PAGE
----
Keywords: Financial Markets, Economic Growth, Openness, Hsiao’s Granger Causality, Sub- Saharan Africa
    JEL: C32 O16 O55
    Date: 2008–04
  8. By: Thomas Gries (University of Paderborn); Manfred Kraft (University of Paderborn); Daniel Meierrieks (University of Paderborn)
    Abstract: This contribution investigates the direct and indirect causal interactions between financial deepening, trade openness and economic growth for 13 Latin American and Caribbean countries. Using a rather general approach to identify indicators for financial deepening and to detect Granger causality within a VAR/VECM framework, we find almost no evidence for the popular hypothesis of finance-led growth. Evidence of bidirectional finance-growth causality is stronger but mostly unstable in the long run. Most results indicate a demand-following or insignificant relationship between finance and growth in Latin America. This finding seems to be consistent with regard to the weakness and deficiencies of the region's financial systems. Further, there is no evidence that finance indirectly and unilaterally induces growth via the channel of trade openness. Thus, policies that prioritize financial and trade liberalization cannot be supported by this study. Instead, a holistic policy approach seems to be preferable that promotes the determinants of both real sector growth and financial development. As a result, financial factors may positively and significantly contribute to economic development in the region.
    Keywords: Financial Markets, Economic Growth, Openness, Hsiao’s Granger Causality, Latin America and Caribbean
    JEL: C32 O16 O55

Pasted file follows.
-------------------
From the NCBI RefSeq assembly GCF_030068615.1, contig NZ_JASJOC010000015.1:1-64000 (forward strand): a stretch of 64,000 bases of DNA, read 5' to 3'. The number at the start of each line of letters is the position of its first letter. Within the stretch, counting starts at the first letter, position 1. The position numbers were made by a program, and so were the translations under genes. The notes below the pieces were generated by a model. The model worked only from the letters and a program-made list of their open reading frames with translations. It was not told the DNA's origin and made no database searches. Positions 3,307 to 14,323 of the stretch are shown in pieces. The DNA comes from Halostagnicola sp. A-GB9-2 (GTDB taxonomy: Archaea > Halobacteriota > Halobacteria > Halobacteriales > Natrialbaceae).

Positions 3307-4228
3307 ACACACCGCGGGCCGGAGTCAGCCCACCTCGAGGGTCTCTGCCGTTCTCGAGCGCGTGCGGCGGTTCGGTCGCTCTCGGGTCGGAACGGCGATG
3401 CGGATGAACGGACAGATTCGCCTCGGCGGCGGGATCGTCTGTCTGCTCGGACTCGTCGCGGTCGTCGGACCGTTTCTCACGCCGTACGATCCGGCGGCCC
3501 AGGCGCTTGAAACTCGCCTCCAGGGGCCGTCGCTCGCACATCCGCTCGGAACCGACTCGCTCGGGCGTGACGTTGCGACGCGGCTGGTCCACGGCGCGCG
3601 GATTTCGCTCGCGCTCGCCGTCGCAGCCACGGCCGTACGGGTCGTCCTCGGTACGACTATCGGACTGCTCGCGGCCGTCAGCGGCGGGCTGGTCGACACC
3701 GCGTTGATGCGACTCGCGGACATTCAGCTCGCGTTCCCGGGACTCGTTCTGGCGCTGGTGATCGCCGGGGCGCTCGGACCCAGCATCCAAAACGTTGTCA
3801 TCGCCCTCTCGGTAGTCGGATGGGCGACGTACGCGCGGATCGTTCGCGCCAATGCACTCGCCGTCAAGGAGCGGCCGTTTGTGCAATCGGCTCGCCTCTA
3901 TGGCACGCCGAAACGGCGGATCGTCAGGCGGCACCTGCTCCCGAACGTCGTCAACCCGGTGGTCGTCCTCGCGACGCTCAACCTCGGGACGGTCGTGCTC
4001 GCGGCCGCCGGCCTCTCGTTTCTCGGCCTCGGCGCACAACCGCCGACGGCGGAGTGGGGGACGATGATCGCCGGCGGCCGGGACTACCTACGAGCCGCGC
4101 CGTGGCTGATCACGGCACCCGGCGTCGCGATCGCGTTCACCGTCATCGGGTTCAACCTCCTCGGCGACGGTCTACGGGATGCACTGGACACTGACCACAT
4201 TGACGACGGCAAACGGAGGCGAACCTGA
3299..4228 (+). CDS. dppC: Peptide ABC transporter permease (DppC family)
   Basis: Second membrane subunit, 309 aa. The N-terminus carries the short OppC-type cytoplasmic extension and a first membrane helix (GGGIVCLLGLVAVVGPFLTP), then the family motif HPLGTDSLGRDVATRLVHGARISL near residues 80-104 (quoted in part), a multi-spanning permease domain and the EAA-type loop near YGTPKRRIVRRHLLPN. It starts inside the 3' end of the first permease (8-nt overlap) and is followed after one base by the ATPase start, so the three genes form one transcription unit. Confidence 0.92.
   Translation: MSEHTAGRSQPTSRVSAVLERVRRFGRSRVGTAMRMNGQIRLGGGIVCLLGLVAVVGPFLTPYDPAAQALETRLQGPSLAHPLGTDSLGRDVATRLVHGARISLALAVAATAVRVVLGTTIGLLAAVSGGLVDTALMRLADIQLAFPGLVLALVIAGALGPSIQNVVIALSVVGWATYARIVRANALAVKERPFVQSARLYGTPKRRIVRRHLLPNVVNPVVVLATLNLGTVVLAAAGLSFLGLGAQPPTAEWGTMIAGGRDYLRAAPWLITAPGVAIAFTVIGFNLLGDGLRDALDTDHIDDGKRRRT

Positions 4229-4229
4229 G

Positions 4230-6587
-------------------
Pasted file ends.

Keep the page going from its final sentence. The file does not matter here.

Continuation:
Date: 2008–08
  9. By: Secil Pacaci Elitok; Al Campbell
    Abstract: The aim of this study is to test the existence of balance of a payments constraint on the long run economic growth of the Turkish economy. The balance of payments constrained growth (BPCG) model which was developed by Thirlwall (1979) and extended by Thirlwall and Hussain (1982) is tested over the period of 1960-2004 using OLS. Empirical findings of this paper support the BPCG model for the whole period under consideration. For the different sub-periods, there are either different essential economic relations or behaviors behind the BOP constraint.
    Keywords: Balance of payments constraint, Turkey, economic growth, international trade, elasticity, neo-liberalism
    JEL: F14 F15 F41 F43 E12
    Date: 2008
  10. By: Belke, Ansgar (University of Duisburg-Essen); Spies, Julia (Institut für Angewandte Wirtschaftsforschung (IAW))
    Abstract: The purpose of this paper is to assess the implications of the Economic and Monetary Union (EMU) accession of eight Central and Eastern European Countries (CEECs) on their share in EMU-12 imports. Overcoming biases related to endogeneity, omitted variables and sample selection, our results indicate that the common currency has boosted intra-EMU imports by 7%. Under the assumption that the same relationship between the explanatory variables and imports will hold for EMU-CEEC trade, we are able to predict the future impact of the Euro. Our findings suggest that except for the least integrated countries, Poland, Latvia and Lithuania, all CEECs can expect increases in the EMU-12 import share.
    Keywords: Central and Eastern European countries, Euro area enlargement, gravity model, panel estimation
    JEL: F15 F41
    Date: 2008–08